Sunday, 11 July 2021
Over the past few weeks, bit by bit I’ve been clearing junk from the shed. Obvious junk to begin with such as manky paint brushes I’ll never ever use again simply because they are too manky. I’ve chucked out an amazing number of those.
However, so far most of it is what I class as “junk I might find a use for one day”. I’ve thrown out loads of that, even though it was always obvious I’d never use it.
A set of cupboard door handles which were so ugly I replaced them with new ones. So why did I keep the horrible ones?
A set of wardrobe door handles – ditto.
Ancient tubes of silicone sealant which I’d never have used because even if I delved down into the part which hadn’t set solid I never want to use it when I can get a cheap new tube in town.
A plastic thingy for supporting runner bean canes which never worked and anyway bits kept snapping off. So why keep it? No idea.
A bag of tile grout which has set solid.
Decayed rubber gloves.
A short piece of metal tubing - no idea why I kept that.
Two teaspoons flecked with paint. What did I use those for? No idea.
A chunky metal thing which came with the wood-burner. I'll keep that. Don't know what it does though.
And so it goes on. It’s all bagged now ready to be thrown out, but I know there is more. It’s a shed – there is always more. It’s a dusty job too. Maybe I ought to wear a mask.
As we struggle to extricate ourselves from the coronavirus debacle here in the UK, it has become obvious that a number of features may be here to stay in one form or another. A rather hefty clue has been the NHS contact-tracing app, although the entire pandemic episode has been an even bigger clue to our likely future.
A government app which comes pre-installed on all communication devices is hardly a new idea, but was previously the stuff of dystopian science fiction or in a much more concrete form as the intentions of the Chinese Communist Party. It can be done technically, it can be placed on an acceptance spectrum from tolerated to necessary to positively virtuous. Anything beyond the spectrum doesn’t much matter.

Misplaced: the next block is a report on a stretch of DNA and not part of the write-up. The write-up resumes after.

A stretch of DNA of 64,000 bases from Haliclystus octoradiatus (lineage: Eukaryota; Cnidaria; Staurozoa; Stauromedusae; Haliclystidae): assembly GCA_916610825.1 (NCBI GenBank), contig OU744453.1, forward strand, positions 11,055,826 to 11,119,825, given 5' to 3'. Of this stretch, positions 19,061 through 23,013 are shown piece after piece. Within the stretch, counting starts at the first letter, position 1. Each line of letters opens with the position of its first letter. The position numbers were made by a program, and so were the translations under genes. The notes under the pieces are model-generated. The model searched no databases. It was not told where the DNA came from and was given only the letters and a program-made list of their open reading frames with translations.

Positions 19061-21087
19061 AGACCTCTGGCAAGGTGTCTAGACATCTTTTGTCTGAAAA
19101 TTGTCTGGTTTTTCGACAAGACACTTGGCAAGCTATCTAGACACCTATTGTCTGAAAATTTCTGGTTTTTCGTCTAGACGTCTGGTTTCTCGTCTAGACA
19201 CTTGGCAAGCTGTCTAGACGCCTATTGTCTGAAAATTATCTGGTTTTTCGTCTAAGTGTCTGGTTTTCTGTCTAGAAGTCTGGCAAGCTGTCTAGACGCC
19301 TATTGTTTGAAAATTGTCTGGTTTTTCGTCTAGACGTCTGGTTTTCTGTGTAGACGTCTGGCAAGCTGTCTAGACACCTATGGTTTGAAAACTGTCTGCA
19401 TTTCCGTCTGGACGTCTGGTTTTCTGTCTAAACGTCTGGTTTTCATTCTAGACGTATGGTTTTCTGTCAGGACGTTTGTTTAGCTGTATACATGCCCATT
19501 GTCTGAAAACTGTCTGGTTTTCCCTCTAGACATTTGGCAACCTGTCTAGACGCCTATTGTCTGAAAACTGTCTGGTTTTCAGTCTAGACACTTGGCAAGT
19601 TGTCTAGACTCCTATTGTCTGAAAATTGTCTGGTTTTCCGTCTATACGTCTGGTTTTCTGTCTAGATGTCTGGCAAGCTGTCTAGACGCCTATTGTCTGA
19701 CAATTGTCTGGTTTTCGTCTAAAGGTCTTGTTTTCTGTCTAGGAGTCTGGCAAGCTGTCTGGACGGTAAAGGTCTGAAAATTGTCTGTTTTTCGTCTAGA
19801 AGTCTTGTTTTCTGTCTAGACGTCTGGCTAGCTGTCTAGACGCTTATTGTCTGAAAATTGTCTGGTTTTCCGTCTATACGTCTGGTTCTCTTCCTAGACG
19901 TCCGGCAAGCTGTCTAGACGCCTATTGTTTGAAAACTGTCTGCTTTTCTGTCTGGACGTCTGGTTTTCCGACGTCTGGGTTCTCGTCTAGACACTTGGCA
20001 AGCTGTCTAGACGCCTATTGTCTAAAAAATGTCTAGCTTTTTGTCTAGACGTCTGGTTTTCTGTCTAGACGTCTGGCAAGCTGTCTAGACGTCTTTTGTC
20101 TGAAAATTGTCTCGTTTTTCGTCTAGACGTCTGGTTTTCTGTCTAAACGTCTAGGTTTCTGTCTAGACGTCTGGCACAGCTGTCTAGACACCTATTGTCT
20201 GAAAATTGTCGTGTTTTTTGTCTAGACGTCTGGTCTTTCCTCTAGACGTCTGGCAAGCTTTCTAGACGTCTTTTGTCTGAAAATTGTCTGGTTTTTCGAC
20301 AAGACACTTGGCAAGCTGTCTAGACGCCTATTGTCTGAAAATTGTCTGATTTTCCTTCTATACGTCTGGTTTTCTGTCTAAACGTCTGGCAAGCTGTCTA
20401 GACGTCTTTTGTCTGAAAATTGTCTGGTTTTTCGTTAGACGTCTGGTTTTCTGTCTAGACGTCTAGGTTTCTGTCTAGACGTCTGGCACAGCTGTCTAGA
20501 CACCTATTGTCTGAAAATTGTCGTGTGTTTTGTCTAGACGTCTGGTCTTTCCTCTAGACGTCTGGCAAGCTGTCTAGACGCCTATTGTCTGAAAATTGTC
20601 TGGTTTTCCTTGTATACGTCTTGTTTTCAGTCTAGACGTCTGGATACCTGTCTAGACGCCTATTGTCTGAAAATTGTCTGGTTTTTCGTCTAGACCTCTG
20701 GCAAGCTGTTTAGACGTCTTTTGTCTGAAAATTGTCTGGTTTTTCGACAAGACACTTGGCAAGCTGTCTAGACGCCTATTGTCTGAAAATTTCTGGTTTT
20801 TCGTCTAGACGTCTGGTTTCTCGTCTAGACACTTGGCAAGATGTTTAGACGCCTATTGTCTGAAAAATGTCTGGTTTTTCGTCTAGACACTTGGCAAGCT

A government app is only part of it though – a clue. Another clue is daily life, the life we actually lead in this modern world of ours, the comforts it offers, the routines it imposes, the background it allows us to forget, the restrictions it persuades us to ignore, the degeneracy it almost manages to hide.
An unmissable clue is how we slipped so easily into the coronavirus version of a police state. So easily that many seem not to have noticed and many more seem unconcerned. Some of us may deplore, hate or be outraged at what has happened to us, but it did not just happen, the pieces of the jigsaw were on the table to begin with.
Daily life itself has become very much like a government app we cannot delete and it is far from being a new situation. We are governed all the time, much of it in our heads, installed from the day we were born and updated every now and then. We are now on version 2021. Version 2022 comes next year. The coronavirus debacle was an update.
To a good approximation the pervasive reach of government is everywhere and this has been the case for many decades. Ever since it became possible via rapid communication. So much so, that it is impossible to catalogue the myriad influences government has on our lives . From the washing instruction label inside my shirt to the paint on the front gate to the design of the lamp post on the street – I effectively live within a government app and unless I’m horribly mistaken so do you.